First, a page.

#F1 Testing: Day 1 in the Desert – Mercedes Power Faster & Stronger

Brought to you by TheJudge13 contributors Vortex Motio and Mattpt55

In contrast to Jerez, where the primary goal was to have the car turn laps, for the first Bahrain test series, it’s more difficult to draw thoughtful conclusions from the data as the teams will have a variety of tasks and goals on which they’re focused, such as chassis work (aero and suspension), power units (endurance, fuel efficiency, power, systems integration), and tyre work (endurance, wear, degradation).

As expected the big Renault teams (Red Bull, Toro Rosso and Lotus) continued their trend of unreliability however Red Bull did turn in a quick lap before they were forced to stop again.

In his book Collapse, Jared Diamond holds up the colony of Greenland as an example of what can go wrong when humanity, which operates on a very rapid timescale, gets fooled by geological time, which moves much more slowly. For those of you who don’t know the story, the discovery of Greenland happened at the warmest time by far of the Medieval period, and that warmth was not only enough to sustain agriculture of the European sort, but persisted for over 100 years, enough to fool the colonists into thinking it would come back.

It didn’t of course, and their end was written with savagery and tragedy that is worth holding up as a mirror to these modern times.

Red Bull spent the morning hours inside the garage with cutting and grinding sounds originating from behind their barriers. Watching Red Bull struggle with the Renault power plant in a repressive society whose protests fill the #F1 Twitter feed, we are reminded of how F1 is still emerging from a golden period of unlimited sponsorship and TV money, and how that has kept the teams and the sport from having to come to terms with the inevitable and how the chaos in Red Bull is just an example of the FIA and FOM being at cross purposes in terms of trying to increase viewership versus increase revenue.

The thought that really sticks from reading Collapse is that when a society’s leaders interests diverge significantly from its members, that society is headed towards failure.

Nico Hulkenberg (GER) Sahara Force India F1 VJM07Mercedes look very good, with Hamilton running a race stint of 18 laps right around 1:40 and finishing his day early with 74 laps. Force India, in the hands of Hulkenberg topped the timesheets with a 1:36:880 while Adrian Sutil showed the Sauber is very reliable running the most laps – 82, beating McLaren by 1 lap!

Ferrari had a mostly uneventful day although they had a scare first thing with Alonso having to rush back to the pits with smoke pouring out of the back of his Ferrari. After a ‘fuel mix’ issue was identified and fixed he rejoined the track and managed to complete 64 laps.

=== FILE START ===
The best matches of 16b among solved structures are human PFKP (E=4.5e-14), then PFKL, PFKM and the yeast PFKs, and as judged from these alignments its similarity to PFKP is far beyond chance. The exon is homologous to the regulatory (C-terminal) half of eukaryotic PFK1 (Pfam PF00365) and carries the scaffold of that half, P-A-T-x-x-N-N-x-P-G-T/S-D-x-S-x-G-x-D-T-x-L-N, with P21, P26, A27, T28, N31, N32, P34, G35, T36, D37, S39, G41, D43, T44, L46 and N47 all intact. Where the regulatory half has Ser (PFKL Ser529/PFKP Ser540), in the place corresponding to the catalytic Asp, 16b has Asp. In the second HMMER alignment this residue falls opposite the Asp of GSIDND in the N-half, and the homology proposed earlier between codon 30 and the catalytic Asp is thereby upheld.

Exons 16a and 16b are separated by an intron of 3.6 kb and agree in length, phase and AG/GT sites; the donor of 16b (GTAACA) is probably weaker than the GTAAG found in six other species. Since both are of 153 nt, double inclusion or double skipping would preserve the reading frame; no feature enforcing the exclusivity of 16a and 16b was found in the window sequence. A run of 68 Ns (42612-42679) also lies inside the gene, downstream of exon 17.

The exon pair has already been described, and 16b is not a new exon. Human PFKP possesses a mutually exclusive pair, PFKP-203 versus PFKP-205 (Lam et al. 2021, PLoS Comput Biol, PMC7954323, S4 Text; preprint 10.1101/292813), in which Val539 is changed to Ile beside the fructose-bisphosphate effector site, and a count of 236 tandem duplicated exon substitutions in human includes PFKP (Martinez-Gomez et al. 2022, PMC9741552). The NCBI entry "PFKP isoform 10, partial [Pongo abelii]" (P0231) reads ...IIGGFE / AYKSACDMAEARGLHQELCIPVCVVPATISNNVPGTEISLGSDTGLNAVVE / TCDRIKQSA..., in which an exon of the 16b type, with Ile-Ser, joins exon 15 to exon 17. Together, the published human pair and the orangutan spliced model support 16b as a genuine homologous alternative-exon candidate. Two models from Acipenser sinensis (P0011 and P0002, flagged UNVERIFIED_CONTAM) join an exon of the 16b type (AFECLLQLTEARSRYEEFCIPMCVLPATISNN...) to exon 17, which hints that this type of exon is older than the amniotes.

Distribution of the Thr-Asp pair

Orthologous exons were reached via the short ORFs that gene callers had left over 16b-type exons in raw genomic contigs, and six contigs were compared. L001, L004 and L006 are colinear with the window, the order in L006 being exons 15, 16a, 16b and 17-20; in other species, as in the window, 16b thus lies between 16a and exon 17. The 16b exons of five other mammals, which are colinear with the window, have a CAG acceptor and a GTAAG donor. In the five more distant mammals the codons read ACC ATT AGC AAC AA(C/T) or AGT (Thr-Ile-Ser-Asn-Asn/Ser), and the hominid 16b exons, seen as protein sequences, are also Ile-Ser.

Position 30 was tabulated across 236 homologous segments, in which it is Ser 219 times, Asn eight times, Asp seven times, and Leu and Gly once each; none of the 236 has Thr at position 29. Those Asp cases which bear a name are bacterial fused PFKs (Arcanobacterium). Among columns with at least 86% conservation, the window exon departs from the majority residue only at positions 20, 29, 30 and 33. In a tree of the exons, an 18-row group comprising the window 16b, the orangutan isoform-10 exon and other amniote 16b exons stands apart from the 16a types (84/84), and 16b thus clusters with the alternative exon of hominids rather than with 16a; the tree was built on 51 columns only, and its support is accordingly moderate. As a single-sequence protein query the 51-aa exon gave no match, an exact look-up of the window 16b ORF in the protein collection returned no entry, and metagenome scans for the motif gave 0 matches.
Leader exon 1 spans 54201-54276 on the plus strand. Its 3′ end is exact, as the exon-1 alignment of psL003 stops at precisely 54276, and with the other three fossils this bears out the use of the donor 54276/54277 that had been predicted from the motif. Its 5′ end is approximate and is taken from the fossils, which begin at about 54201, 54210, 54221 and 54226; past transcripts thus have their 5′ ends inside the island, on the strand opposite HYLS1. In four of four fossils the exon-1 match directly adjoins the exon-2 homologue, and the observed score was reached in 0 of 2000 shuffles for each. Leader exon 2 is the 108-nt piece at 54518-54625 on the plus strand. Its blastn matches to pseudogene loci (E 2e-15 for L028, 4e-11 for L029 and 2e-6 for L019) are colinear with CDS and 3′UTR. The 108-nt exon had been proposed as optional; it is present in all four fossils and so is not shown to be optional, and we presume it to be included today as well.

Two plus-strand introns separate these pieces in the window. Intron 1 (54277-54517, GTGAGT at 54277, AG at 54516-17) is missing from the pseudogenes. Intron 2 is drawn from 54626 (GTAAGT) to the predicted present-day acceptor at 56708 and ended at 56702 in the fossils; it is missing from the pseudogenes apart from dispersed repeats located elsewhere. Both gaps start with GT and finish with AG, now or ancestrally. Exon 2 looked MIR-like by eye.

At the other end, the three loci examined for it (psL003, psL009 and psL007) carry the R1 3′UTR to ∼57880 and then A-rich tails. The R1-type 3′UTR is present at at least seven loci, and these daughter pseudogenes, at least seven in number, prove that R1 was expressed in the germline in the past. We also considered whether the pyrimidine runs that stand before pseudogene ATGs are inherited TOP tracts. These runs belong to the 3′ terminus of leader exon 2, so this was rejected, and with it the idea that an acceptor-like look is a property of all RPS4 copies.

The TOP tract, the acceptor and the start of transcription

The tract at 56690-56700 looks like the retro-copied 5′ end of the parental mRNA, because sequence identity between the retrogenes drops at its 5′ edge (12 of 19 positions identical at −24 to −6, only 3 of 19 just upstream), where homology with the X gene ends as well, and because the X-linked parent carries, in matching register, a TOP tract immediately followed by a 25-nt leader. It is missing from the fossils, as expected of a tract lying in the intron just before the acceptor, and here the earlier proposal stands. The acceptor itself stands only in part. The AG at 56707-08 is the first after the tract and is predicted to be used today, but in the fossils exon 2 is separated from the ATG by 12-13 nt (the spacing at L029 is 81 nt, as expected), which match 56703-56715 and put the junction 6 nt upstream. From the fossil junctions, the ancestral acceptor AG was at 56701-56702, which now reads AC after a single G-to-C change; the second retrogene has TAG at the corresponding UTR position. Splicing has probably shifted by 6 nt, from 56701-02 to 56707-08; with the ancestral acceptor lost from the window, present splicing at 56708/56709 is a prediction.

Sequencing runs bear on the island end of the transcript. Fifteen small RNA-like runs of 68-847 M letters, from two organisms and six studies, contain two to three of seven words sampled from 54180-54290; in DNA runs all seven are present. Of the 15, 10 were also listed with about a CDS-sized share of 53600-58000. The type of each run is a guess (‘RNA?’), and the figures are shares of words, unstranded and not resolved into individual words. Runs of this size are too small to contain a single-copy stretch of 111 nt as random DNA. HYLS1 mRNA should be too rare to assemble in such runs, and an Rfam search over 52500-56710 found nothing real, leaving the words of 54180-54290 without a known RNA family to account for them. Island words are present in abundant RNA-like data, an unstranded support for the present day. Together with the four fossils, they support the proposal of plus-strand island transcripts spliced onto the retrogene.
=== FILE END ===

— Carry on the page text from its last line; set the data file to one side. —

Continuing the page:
Did Boullier know how bad the Renault engine was?

Did Boullier know how bad the Renault engine was?

Lotus had a number of problems however are confident it is software and battery related and can be fixed quickly. It is strange that none of these problems happened during their filming day or is this linking into Remi Taffin’s (Renault Head of Track Operations) statement 4 days ago that Renault are struggling to get the various systems talking to each other in the right way and have to prioritise? Speaking at the end of the day, Taffin is confident the engineers have made good progress.

We can clearly say today we can run our power unit as we wanted. It is still not to the level we want but at least we have got the baseline to work from.

From tomorrow onwards we will be upgrading things and it will be like this until the end of next week. So we are happy on that side but obviously we also had some problems, which are under the table.

Under the table you say? Does that mean you are hiding it from the teams/public or is this metaphorical “water under the bridge”?

When we have some time to run we will have some new problems, although they will not be as big as we had two weeks ago, but we will still have to fix them. That is why we will see some cars running or not, some less or more. That’s where we are: on plan but still recovering.

We have yet to see a front-running team with Renault power do significant mileage and while Remi maybe confident they are making progress, his words are not very confidence inspiring. That said…

Robin FrijnsThis leads us on nicely to the green monster from Leafield. Test driver Robin Frijns did his part for Caterham and Renault by running 68 laps. Perhaps Newey should go and have a look at what they are doing to make the Renault last.

The battle that everyone is really looking towards is of course the one between Caterham and Marussia. This has now become a death match after Fernandes’ speech has Caterham employees quietly looking for work in McLaren’s road car division. Unfortunately Marussia were MIA, an IT configuration problem confined their car to the garage for most of the day, so we still have no baseline to properly compare them with (ignoring Jerez).